Մատչելիության հղումներ

By Ruzanna Stepanian
By all accounts, Hrant Sargsian is one of hundreds of thousands of people who are supposed to be the main beneficiaries of $235.65 million in additional economic assistance to Armenia approved by the United States. He is poor, lives in a rural area, and has trouble irrigating crops grown on his modest plot of land.

But just like many other residents of Marmarashen, a village in the southern Ararat region, the 68-year-old subsistence farmer does not think that his plight will improve as a result of rural infrastructure projects to be implemented under the U.S. Millennium Challenge Account (MCA) program. “Charles Aznavour,” explains Sargsian, “too raised money for Armenia but we didn’t get a single penny.”

“Now they say they want to sort out our drinking water and irrigation,” he says. “But they won’t. The sum may reach Armenia, but we won’t see [any benefit of] it.”

The cynicism is echoed by farmers throughout the fruit-growing Ararat Valley, Armenia’s most developed agricultural region stretching along its border with Turkey. Long neglected by the regional and central governments, they have been left alone in coping with enormous problems that plagued Armenian agriculture following the Soviet collapse.

There is a widely held belief among local residents that much of external aid to Armenia has been embezzled by corrupt government officials and that the U.S. aid will not be an exception. The popular mood in other regions of the country, where farming conditions are more difficult, is hardly more positive.

“If the entire sum reaches its destination that will be good, but I am skeptical,” said a farmer in Mkhchian, another Ararat Valley village. “Only 10 percent of the aid will serve its purpose.”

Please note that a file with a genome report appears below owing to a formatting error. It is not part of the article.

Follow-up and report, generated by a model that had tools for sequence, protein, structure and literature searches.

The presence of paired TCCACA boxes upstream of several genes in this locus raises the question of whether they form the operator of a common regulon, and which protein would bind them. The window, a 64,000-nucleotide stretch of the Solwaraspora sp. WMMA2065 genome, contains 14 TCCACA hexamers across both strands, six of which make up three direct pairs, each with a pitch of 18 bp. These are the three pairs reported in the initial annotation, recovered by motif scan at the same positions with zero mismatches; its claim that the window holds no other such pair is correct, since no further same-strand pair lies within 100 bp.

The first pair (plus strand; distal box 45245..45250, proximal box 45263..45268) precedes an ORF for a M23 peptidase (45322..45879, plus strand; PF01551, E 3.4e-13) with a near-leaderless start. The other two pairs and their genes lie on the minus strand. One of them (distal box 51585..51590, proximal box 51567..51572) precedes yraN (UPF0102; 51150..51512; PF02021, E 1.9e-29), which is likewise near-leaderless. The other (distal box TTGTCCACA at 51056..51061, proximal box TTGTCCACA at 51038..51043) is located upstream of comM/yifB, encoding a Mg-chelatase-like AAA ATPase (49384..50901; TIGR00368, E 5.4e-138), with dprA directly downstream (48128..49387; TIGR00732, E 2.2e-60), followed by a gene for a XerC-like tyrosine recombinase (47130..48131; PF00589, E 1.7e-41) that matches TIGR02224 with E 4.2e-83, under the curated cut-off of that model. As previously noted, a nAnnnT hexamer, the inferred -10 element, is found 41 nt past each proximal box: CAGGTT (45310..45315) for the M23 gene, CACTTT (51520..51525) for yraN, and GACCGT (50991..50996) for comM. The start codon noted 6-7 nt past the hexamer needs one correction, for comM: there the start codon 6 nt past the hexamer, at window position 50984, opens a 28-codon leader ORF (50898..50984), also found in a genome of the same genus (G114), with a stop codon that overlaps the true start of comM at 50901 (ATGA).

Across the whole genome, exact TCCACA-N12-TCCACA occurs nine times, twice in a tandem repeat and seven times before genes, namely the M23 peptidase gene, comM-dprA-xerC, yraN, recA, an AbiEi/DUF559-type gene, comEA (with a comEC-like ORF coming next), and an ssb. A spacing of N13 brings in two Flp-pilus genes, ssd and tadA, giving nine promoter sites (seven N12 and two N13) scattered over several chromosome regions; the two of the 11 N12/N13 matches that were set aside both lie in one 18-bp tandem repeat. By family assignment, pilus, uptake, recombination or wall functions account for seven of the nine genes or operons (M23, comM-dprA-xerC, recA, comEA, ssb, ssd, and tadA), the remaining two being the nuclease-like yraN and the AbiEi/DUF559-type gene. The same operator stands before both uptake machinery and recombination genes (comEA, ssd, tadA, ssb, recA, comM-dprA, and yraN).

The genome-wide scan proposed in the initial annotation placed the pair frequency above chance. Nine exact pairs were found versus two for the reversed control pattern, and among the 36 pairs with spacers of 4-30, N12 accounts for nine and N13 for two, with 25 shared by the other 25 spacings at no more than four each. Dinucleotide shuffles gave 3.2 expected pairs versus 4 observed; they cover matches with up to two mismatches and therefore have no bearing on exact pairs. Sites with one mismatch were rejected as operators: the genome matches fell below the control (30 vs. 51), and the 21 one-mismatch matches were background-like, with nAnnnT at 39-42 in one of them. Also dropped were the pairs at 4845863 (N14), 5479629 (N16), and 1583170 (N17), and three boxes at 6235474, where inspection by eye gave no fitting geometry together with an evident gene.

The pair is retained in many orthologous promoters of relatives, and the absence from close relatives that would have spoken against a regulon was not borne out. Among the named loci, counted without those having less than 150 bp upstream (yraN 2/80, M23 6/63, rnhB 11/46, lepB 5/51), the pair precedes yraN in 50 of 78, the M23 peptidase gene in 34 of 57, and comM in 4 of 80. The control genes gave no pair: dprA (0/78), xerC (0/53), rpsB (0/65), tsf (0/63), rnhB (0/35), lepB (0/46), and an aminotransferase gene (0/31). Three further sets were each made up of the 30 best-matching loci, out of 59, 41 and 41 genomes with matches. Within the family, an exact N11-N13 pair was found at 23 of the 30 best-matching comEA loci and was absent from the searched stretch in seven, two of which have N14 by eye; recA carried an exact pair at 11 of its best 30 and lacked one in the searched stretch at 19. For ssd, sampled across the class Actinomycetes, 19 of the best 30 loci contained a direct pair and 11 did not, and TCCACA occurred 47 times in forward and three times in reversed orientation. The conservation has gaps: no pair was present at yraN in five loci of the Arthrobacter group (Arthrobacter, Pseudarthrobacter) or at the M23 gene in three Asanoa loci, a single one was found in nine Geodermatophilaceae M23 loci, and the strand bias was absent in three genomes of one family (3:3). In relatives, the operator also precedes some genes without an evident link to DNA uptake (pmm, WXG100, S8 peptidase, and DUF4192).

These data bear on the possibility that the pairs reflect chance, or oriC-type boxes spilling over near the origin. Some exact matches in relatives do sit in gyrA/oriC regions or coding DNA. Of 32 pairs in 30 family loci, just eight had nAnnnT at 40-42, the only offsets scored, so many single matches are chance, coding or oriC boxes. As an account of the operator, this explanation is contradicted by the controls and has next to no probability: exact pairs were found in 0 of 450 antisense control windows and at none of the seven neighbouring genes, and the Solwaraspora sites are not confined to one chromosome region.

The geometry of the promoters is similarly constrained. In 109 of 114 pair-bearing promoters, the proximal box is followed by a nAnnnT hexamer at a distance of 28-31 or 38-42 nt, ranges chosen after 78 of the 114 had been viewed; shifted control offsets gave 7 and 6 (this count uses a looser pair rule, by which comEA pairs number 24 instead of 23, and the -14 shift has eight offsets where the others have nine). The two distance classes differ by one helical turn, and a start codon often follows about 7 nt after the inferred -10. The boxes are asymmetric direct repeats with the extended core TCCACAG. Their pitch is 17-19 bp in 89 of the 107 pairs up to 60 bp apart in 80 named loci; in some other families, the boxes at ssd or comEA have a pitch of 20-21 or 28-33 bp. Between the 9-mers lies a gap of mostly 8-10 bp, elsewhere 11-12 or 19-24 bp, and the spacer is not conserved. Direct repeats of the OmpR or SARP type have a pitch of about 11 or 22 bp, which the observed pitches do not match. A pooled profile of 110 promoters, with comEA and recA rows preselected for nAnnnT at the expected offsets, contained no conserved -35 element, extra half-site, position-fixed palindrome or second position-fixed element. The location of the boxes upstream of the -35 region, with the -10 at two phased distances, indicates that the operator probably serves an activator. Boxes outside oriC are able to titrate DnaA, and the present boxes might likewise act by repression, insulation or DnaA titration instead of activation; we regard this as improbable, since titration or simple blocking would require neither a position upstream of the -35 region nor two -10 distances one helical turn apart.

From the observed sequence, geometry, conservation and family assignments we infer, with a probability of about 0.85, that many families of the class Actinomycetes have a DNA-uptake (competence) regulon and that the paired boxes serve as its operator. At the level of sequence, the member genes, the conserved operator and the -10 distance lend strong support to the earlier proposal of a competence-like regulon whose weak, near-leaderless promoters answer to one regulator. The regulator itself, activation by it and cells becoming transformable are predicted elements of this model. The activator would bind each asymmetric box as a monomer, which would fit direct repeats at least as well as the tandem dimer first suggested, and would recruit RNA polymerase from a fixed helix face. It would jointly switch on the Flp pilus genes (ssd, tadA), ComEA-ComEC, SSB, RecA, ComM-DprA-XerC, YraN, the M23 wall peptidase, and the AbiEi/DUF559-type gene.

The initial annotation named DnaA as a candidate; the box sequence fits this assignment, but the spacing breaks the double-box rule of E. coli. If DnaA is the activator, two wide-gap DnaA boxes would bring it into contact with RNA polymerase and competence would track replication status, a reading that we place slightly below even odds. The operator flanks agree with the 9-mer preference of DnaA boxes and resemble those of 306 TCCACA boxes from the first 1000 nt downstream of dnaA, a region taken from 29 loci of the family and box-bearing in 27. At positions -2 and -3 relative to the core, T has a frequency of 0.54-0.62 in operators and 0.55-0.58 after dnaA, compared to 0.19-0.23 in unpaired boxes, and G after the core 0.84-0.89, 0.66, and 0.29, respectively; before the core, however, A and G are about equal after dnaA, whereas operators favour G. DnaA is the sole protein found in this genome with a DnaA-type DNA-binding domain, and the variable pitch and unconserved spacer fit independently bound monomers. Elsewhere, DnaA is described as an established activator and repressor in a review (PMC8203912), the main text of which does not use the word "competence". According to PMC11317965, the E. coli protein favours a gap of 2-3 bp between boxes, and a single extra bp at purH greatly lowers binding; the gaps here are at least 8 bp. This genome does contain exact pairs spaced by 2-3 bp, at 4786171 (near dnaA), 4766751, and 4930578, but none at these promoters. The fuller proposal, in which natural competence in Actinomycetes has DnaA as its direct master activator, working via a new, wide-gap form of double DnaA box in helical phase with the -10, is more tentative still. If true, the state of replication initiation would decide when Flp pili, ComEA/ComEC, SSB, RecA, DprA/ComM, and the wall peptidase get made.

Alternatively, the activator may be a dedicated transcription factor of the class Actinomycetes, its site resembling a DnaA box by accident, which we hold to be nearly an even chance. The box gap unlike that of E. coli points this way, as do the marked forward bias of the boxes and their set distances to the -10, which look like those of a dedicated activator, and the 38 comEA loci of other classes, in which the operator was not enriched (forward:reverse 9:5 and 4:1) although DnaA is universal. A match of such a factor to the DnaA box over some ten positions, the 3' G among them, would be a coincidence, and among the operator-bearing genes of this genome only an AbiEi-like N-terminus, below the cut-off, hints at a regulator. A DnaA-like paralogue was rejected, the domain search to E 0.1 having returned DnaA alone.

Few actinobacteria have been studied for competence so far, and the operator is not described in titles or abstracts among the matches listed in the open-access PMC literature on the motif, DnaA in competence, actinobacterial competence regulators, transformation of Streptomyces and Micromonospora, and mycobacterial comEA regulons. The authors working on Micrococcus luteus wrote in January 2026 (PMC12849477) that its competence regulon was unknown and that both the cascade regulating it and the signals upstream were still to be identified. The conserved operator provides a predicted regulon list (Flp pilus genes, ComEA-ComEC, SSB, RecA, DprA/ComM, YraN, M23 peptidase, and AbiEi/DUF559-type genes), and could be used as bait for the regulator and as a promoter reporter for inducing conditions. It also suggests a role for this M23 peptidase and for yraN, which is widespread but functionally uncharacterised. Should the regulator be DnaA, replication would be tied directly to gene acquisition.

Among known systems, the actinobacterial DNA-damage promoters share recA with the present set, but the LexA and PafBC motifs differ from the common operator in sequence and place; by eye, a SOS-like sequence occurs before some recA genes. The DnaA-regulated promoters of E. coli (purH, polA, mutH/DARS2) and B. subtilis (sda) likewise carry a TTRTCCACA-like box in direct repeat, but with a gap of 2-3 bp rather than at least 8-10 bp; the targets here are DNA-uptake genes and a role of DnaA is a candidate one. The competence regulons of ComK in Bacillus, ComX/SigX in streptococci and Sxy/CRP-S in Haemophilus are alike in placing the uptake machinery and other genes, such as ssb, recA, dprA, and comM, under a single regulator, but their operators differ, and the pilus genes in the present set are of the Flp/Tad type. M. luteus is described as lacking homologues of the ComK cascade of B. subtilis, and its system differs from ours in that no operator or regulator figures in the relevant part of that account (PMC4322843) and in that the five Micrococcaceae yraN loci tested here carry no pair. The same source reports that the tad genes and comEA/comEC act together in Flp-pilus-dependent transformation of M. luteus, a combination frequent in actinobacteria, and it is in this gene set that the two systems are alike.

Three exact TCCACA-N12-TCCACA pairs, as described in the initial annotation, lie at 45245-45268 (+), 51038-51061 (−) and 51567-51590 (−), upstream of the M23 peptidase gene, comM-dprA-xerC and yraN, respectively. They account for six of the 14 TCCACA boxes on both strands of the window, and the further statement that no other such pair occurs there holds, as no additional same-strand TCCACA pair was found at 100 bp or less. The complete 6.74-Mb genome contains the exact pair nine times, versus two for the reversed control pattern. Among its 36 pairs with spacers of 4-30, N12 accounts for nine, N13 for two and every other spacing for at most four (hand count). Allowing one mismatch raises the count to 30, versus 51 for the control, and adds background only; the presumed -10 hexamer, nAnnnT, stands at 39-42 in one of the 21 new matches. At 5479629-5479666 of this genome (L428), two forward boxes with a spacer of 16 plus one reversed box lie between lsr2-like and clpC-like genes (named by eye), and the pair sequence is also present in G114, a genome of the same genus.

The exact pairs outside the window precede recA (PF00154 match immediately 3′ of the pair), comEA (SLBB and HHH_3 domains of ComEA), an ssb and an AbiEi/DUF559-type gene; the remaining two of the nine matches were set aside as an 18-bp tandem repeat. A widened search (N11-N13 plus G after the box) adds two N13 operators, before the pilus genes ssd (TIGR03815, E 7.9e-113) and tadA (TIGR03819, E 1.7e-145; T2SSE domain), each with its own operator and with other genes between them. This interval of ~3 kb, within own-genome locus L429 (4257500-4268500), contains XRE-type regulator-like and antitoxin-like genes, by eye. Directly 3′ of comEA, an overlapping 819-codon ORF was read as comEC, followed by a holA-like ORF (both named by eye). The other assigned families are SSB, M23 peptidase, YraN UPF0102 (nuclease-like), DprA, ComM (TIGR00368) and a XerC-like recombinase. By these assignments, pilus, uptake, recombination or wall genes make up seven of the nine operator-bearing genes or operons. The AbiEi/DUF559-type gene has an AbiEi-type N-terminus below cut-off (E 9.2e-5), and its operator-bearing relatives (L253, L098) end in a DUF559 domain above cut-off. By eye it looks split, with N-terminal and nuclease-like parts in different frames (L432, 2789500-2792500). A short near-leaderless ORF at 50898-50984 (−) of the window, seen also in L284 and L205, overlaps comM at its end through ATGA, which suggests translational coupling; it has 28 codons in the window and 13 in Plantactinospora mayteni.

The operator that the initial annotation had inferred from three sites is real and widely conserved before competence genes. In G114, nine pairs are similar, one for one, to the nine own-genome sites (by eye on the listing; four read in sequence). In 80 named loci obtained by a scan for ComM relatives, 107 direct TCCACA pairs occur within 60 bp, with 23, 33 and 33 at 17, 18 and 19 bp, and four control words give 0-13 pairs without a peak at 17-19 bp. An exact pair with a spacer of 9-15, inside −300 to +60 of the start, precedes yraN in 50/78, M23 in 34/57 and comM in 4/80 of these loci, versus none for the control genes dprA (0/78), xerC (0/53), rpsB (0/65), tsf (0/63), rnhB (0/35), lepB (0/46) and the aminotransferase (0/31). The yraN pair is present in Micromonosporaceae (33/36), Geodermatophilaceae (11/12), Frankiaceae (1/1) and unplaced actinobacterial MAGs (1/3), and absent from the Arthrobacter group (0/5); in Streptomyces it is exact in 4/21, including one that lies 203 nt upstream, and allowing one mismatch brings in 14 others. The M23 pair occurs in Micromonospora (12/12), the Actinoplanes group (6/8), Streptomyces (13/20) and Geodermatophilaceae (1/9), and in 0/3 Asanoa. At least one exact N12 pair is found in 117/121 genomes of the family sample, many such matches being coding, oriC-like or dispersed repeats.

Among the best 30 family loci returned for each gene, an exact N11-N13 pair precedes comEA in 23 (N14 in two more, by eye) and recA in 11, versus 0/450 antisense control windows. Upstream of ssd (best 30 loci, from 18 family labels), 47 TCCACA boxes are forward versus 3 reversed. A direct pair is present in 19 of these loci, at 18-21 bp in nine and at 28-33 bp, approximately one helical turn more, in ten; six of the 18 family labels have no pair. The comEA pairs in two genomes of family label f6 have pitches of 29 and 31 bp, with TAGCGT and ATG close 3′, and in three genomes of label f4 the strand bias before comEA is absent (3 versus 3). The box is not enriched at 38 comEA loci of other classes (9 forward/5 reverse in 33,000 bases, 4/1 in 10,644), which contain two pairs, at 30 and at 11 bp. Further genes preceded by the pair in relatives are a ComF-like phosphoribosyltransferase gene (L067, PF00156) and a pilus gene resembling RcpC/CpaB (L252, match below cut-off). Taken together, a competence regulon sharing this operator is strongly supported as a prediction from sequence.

“How many ministers do we have? They will distribute that money among themselves,” claimed another local resident.

Armenian and U.S. officials insist that as much as 75 percent of approximately one million Armenians dependent on farming will directly benefit from the five-year program. They say Armenia’s widespread rural poverty will fall by 6 percent as a result. In addition, the U.S. Millennium Challenge Corporation, which runs the scheme, has pledged to closely oversee the use of the MCA funds to rule out their possible misappropriation and other corrupt practices.

Most of the sum, $146 million, will be spent on refurbishing Armenia’s Soviet-era irrigation networks. Another $67 million would go to pay for capital repairs of about 1,000 kilometers of rural roads that have fallen into disrepair over the past decade. A Millennium Challenge Corporation statement last said that these two projects will “significantly increase the annual incomes of rural poor.”

But local farmers say better roads and irrigation alone are not a fundamental solution to their woes. They say they will still lack access to cheap credit and fertilizers and struggle to pay for water and the basic utilities. Nor will be they be compensated by the state anytime soon for hail or cold snaps that regularly destroy their crops. Agriculture insurance remains practically non-existent in Armenia.

“As soon as farmers are able to get long-term loans from banks without any bureaucratic hurdles, they will get on their feet,” said a Mkhchian farmer. “That would be real poverty reduction.”

For farmers in the village of Masis, a key problem is not so much a lack of irrigation water as its prohibitive cost. “Water is available here,” said one of them, Ashot Ghazarian. “But it is so expensive that villagers can not afford it with proceeds from sales of their produce.”

Ghazarian says this is what prompted him and many other locals to sell their land and become agricultural laborers. Its main buyer, commercial farmer Zhora Galstian, already owns more than 100 hectares (250 acres) of the Masis land, a very big plot by Ararat Valley standards. But even he is unhappy.

“More villagers come and ask me to buy their land but I don’t want to,” explains Galstian. “What would I do with it? I already earn few revenues despite working much harder than any city businessman.”
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